The Economist Warns That “A Businessman Without A Credible Plan to Fix A Problem Stops Being A Credible Businessman”

Mitt Romney just can’t find conservatives to like him. Sure, most current American conservatives will vote for him because they absolutely will not consider anyone who doesn’t hold a number of views which are totally bat-shit crazy, but they would prefer that he wasn’t on the top of this ticket. Even more sane conservatives, such as those at The Economist, are wary of Romney. The pointed out that “All politicians flip-flop from time to time; but Mr Romney could win an Olympic medal in it (see article). They warn that

…competence is worthless without direction and, frankly, character. Would that Candidate Romney had indeed presented himself as a solid chief executive who got things done. Instead he has appeared as a fawning PR man, apparently willing to do or say just about anything to get elected. In some areas, notably social policy and foreign affairs, the result is that he is now committed to needlessly extreme or dangerous courses that he may not actually believe in but will find hard to drop; in others, especially to do with the economy, the lack of details means that some attractive-sounding headline policies prove meaningless (and possibly dangerous) on closer inspection. Behind all this sits the worrying idea of a man who does not really know his own mind. America won’t vote for that man; nor would this newspaper.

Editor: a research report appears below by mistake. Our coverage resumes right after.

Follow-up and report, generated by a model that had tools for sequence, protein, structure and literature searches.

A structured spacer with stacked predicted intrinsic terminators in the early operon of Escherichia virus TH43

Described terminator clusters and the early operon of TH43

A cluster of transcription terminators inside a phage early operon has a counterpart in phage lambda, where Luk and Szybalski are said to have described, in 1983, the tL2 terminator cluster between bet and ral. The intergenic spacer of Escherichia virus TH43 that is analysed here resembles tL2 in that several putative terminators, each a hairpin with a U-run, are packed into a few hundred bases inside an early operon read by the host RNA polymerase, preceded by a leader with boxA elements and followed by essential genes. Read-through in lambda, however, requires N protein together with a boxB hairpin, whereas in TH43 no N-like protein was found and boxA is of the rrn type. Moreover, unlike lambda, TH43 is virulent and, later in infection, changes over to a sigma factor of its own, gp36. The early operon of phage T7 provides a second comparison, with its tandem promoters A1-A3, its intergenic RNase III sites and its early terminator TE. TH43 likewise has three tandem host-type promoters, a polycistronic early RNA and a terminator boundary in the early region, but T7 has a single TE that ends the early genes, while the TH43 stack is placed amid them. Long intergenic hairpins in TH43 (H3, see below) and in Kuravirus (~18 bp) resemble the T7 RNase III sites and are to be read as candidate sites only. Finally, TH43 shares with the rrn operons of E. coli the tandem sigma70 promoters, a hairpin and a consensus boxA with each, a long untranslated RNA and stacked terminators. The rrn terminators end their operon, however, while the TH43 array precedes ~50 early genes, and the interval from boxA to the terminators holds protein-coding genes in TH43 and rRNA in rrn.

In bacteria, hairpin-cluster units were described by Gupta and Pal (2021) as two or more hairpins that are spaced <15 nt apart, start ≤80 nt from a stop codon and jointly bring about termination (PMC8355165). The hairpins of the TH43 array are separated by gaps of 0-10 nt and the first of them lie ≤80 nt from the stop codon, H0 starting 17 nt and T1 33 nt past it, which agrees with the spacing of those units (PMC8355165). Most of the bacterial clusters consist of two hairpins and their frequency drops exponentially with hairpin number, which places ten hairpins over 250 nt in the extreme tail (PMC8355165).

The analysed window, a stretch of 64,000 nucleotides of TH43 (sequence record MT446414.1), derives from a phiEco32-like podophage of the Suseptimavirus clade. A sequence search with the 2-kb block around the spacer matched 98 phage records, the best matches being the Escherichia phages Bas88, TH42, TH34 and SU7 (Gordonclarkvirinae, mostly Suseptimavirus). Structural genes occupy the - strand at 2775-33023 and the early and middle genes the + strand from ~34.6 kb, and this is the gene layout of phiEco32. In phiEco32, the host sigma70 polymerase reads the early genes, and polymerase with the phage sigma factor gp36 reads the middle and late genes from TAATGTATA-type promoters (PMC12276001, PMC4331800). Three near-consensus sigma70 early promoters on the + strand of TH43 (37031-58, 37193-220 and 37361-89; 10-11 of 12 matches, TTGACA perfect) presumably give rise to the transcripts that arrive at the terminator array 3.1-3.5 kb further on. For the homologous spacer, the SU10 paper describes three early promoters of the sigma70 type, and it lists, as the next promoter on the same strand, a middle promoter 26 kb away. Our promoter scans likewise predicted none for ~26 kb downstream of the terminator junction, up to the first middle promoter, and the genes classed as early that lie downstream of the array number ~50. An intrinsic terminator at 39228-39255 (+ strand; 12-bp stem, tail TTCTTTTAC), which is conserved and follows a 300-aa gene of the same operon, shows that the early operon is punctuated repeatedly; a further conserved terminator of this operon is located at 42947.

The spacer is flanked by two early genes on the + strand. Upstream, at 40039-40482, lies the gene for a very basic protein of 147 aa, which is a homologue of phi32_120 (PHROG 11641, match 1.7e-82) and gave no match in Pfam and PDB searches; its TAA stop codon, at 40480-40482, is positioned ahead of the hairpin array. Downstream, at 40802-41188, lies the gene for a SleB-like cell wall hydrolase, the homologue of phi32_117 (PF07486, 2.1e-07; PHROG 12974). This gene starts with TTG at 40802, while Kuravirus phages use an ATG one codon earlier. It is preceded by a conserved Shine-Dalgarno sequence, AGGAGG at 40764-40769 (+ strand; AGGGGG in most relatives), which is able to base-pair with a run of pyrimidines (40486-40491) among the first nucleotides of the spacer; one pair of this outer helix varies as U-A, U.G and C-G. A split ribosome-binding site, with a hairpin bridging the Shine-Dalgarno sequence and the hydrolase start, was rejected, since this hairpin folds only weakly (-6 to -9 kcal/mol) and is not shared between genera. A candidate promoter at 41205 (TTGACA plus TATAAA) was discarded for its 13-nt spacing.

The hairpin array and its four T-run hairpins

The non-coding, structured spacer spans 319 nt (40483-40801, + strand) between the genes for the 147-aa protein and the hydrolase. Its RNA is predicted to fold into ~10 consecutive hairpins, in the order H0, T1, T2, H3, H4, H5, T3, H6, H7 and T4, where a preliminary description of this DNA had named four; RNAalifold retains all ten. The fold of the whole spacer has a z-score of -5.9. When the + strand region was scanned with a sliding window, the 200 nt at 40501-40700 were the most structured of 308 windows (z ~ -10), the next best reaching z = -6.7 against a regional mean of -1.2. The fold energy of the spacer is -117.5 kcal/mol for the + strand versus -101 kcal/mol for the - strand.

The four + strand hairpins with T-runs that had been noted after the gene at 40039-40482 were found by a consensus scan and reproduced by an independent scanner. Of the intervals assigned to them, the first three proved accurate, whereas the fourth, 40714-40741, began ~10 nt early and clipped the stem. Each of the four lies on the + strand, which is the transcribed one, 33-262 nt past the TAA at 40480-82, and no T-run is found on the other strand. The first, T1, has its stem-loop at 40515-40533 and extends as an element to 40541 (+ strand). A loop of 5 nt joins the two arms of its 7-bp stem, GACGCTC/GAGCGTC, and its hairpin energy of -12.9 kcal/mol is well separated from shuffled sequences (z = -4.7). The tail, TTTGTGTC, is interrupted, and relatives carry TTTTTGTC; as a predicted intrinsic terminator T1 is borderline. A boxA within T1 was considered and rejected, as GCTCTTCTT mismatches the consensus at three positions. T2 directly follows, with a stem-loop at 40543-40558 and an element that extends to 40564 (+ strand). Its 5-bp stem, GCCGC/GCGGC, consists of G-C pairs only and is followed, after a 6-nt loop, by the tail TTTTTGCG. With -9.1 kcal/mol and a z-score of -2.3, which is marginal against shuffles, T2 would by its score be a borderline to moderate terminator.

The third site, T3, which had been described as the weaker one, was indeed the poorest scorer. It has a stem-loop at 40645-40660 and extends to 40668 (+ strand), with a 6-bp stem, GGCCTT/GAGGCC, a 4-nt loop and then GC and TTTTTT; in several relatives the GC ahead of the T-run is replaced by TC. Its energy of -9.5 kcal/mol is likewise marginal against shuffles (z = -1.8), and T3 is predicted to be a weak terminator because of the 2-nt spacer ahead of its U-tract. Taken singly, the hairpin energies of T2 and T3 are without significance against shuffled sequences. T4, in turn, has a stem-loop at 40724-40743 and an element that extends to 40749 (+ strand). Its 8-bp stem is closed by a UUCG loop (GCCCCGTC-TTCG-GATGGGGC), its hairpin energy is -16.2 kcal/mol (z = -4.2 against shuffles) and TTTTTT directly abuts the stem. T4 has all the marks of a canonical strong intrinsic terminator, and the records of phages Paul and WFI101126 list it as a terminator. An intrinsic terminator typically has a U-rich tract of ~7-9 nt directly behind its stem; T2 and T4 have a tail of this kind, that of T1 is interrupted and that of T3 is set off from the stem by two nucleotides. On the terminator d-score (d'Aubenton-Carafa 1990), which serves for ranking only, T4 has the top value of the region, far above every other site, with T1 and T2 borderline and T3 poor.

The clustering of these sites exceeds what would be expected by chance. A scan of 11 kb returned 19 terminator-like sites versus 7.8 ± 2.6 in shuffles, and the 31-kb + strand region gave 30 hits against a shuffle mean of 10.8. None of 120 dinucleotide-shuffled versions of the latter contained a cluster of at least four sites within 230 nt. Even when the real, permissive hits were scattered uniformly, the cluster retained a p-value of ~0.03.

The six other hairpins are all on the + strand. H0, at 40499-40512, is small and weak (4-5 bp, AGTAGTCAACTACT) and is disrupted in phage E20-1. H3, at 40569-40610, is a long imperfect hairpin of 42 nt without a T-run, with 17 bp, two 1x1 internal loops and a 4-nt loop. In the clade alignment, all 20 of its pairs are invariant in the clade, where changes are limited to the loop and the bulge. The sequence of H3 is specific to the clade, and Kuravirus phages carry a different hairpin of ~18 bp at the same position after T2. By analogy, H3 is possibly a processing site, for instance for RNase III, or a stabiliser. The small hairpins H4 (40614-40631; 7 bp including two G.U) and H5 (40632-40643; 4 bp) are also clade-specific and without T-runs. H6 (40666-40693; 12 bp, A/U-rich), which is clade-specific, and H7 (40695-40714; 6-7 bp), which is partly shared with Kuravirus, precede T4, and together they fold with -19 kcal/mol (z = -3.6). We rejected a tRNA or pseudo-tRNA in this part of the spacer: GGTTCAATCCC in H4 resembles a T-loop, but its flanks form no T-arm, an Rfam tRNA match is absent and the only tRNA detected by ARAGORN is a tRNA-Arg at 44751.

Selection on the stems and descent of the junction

After looking at the problems with Romney’s policies, they conclusion remains the same:

A businessman without a credible plan to fix a problem stops being a credible businessman. So does a businessman who tells you one thing at breakfast and the opposite at supper. Indeed, all this underlines the main doubt: nobody knows who this strange man really is. It is half a decade since he ran something. Why won’t he talk about his business career openly? Why has he been so reluctant to disclose his tax returns? How can a leader change tack so often? Where does he really want to take the world’s most powerful country?